```Date: Fri, 25 Feb 2005 05:06:14 -0500 Reply-To: ben.powell@CLA.CO.UK Sender: "SAS(r) Discussion" From: ben.powell@CLA.CO.UK Subject: Re: Homework Exercise /Finance/Probability Thanks, I'll have a look at this when I get a chance (pun?) Ben. On Mon, 21 Feb 2005 14:30:27 -0800, David L. Cassell wrote: >ben.powell@CLA.CO.UK replied: >> Worth a try :-) I bow to your superior knowledge. My probability is >rusty! > >My knowledge isn't superior, just my attitude. :-) > >> Ok, the probability all companies fail is 1*0.6^11 = 0.003628, >resulting in >> a loss of 12/11*11 = 12, plus the 5 in reserve gives a total pot of >-7. > >No, if all 11 companies fail (at p = .6^11 as you stated), the result >is 5 (million). You lose everything invested, but no more. > >> The probability all companies win is 1*0.4^11 = 4.1943E-05, resulting >in a >> win of 12/11*11*10 = 120, plus the 5 in reserve gives a total pot of >125. > >Yep. > >> How can there be a 60% chance of having a pot of at least 60 (or >55+5)? A >> pot of 65 can be achieved with 6 wins and 5 losses, not less, but >there are >> (?) only 462 chances of this combination of events occuring, out of >2048 >> total. Add the probabilities of all the other better winning >combinations (7 >> wins, 8 wins) and the probability of these winning scenarios is a >quarter. >> Where have I gone wrong? > >6 wins and 5 losses, each working with 1.090909 million, yields >65.454545 million >plus the protected 5 million, which is 70.454545 million. 5 wins and 6 >losses, >each working with the same 1.090909 million, yields 54.545454 million >plus >5 million = 59.545454 million. > >Then you have to remember: not all your combinations are equally >likely, since >p^k*q^(n-k) changes as k changes. > >To get to the 'bonus' result, you have to also consider the amount of >money >placed in reserve as a variable. Put more money in reserve, and your >maximum >result goes down.. but the odds of going bust decrease. > >David >-- >David Cassell, CSC >Cassell.David@epa.gov >Senior computing specialist >mathematical statistician ```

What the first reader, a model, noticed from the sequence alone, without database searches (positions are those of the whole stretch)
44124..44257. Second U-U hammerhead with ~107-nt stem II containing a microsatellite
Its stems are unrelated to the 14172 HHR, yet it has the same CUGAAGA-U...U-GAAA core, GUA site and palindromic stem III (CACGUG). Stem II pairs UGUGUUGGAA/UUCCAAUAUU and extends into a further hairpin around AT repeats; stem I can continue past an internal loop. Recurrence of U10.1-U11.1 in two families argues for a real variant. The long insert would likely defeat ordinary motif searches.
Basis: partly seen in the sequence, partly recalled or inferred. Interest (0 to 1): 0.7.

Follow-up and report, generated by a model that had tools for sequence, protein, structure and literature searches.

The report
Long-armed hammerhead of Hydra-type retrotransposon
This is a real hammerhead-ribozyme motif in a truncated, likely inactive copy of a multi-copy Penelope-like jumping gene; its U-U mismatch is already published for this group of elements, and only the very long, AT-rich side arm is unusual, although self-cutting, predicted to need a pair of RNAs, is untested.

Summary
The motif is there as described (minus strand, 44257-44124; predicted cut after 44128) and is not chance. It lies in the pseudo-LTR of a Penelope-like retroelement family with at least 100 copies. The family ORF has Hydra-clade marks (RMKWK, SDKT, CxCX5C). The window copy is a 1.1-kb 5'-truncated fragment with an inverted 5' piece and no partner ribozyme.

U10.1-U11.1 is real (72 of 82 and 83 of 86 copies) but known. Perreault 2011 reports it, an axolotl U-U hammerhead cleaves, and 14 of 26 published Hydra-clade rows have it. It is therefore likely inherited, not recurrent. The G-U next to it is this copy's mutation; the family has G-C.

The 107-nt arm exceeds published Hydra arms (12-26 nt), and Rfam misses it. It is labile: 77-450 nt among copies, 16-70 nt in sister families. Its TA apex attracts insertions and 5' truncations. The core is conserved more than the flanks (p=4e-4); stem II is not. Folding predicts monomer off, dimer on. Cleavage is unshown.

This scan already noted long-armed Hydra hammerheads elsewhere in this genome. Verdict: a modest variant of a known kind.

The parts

Back to: Top of message | Previous page | Main SAS-L page